Six Streets Below Harlem
A few days ago my father in law passed away. We knew he was not well, but the news of his death was a terrible shock on all of us. I loved him dearly. He took care of my daughter almost everyday since the age four months or so, until she was two. He is (was) one of her favorite humans. He called her Miciko (pronounced Mitsiko), he liked that it sounded a bit Japanese.
Walking around with him was always a joy. A few things were guaranteed during these moments:
He would made me laugh
He would always teach me something
I would always walk back with an interesting idea
He lived in New York for many years and retained a bit of it in his heart. Besides “Causality” one of our favorite topics of discussion was stories. What makes a good story ? He naturally had read everything. Maybe not quite everything, but everything that was relevant as he would say.
One day I was telling him about one of my failed attempts to wrap up a story. He listened carefully with great attention. We agreed that the magic wand that makes one a brilliant writer had not been invented. He told me though that when it comes to story telling, one should never forget that:
“Every word is written for a reason”
This is true for stories told in books, movies, theatre, etc. One of my passions in life is “guessing” what will happen next, regardless of the context or topic. After this cherished lesson from my father in law, I never watched a movie the same way ever again. Camera lingering in some corner - bam - that was not a random detail was it not ? Obviously it was not. It’s quite fun actually to anticipate where the director is taking you next, or at least trying to, even if truth be told, it is not necessarily fun for the person watching the movie with you.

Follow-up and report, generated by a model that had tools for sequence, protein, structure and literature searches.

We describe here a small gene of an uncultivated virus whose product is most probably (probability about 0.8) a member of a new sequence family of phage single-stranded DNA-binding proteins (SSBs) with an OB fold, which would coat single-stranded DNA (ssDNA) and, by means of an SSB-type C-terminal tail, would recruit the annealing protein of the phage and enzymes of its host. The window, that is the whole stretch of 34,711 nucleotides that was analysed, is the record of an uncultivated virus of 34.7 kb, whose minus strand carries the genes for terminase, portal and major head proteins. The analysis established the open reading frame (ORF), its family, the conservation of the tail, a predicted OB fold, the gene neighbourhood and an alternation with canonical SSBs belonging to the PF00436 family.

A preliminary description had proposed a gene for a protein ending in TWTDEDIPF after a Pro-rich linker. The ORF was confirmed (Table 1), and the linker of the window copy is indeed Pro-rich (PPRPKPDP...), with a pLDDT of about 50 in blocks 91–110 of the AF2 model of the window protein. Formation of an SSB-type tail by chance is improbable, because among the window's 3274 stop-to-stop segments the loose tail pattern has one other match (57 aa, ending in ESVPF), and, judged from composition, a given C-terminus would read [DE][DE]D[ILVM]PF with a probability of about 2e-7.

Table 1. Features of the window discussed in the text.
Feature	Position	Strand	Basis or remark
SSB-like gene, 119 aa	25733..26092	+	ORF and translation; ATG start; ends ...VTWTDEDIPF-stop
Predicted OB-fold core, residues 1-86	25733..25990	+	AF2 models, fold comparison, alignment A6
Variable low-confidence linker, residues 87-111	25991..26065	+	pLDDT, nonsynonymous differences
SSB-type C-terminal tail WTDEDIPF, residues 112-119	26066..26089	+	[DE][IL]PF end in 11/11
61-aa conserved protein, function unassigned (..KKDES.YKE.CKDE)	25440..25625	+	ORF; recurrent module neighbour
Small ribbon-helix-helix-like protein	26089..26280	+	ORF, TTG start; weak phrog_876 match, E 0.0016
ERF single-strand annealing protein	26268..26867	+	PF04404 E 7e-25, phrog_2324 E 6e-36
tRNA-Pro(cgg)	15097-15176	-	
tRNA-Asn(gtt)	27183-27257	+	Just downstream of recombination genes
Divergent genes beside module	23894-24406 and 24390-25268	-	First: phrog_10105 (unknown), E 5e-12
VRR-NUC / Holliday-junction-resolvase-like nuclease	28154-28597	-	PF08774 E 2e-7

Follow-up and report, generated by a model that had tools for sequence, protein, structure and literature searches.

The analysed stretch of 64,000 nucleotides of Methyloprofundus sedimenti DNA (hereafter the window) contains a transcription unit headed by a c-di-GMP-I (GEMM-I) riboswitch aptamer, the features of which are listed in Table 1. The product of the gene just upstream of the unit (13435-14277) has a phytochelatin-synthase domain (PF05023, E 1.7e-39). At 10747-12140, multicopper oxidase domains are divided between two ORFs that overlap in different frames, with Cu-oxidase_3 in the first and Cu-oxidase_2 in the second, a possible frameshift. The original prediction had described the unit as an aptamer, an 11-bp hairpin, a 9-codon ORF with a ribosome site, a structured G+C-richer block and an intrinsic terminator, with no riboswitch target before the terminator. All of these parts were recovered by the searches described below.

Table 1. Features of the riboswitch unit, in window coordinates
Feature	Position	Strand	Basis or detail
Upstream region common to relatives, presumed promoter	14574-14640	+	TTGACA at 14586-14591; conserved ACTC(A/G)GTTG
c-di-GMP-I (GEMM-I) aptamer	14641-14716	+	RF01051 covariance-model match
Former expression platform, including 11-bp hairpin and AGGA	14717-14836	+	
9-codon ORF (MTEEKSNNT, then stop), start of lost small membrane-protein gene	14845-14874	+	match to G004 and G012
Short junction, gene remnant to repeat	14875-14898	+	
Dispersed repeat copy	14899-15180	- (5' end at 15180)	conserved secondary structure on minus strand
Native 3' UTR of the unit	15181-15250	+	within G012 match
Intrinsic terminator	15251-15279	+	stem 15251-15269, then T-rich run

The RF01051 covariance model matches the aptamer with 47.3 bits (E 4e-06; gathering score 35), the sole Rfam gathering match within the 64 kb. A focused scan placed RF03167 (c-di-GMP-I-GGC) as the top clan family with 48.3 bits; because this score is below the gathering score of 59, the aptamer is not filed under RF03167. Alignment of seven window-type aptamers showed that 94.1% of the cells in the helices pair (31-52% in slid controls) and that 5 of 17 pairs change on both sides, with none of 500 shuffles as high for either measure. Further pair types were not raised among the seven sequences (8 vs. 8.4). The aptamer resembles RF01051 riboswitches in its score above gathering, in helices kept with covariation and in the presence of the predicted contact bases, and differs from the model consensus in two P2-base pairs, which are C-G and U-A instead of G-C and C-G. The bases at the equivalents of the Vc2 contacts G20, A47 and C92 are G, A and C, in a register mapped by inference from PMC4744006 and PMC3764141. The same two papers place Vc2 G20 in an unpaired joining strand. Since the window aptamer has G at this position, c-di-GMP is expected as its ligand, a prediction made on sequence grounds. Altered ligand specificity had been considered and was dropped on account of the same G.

My father in law also taught a lot of graduate students, I asked him advice once as I was about to start teaching a few hours in parallel of my research. What he shared with me was that his approach to teaching was mainly based on curiosity, he also told me that he had no interest in discussing with those who don’t question things.
I don’t quite recall how this came about, but I told him that I was not getting any compensation for these hours. He paused for a bit and told me that it was not smart of me to work for free. That one should value one’s worth. As simple as his advice was, it took me years to digest it.
“Know the worth of your time”
It’s so simple, yet I (dare I say we) keep forgetting it.
As I am writing these last words, I still don’t know where to put my pain. However, I shall stop here and linger in these memories for a bit longer.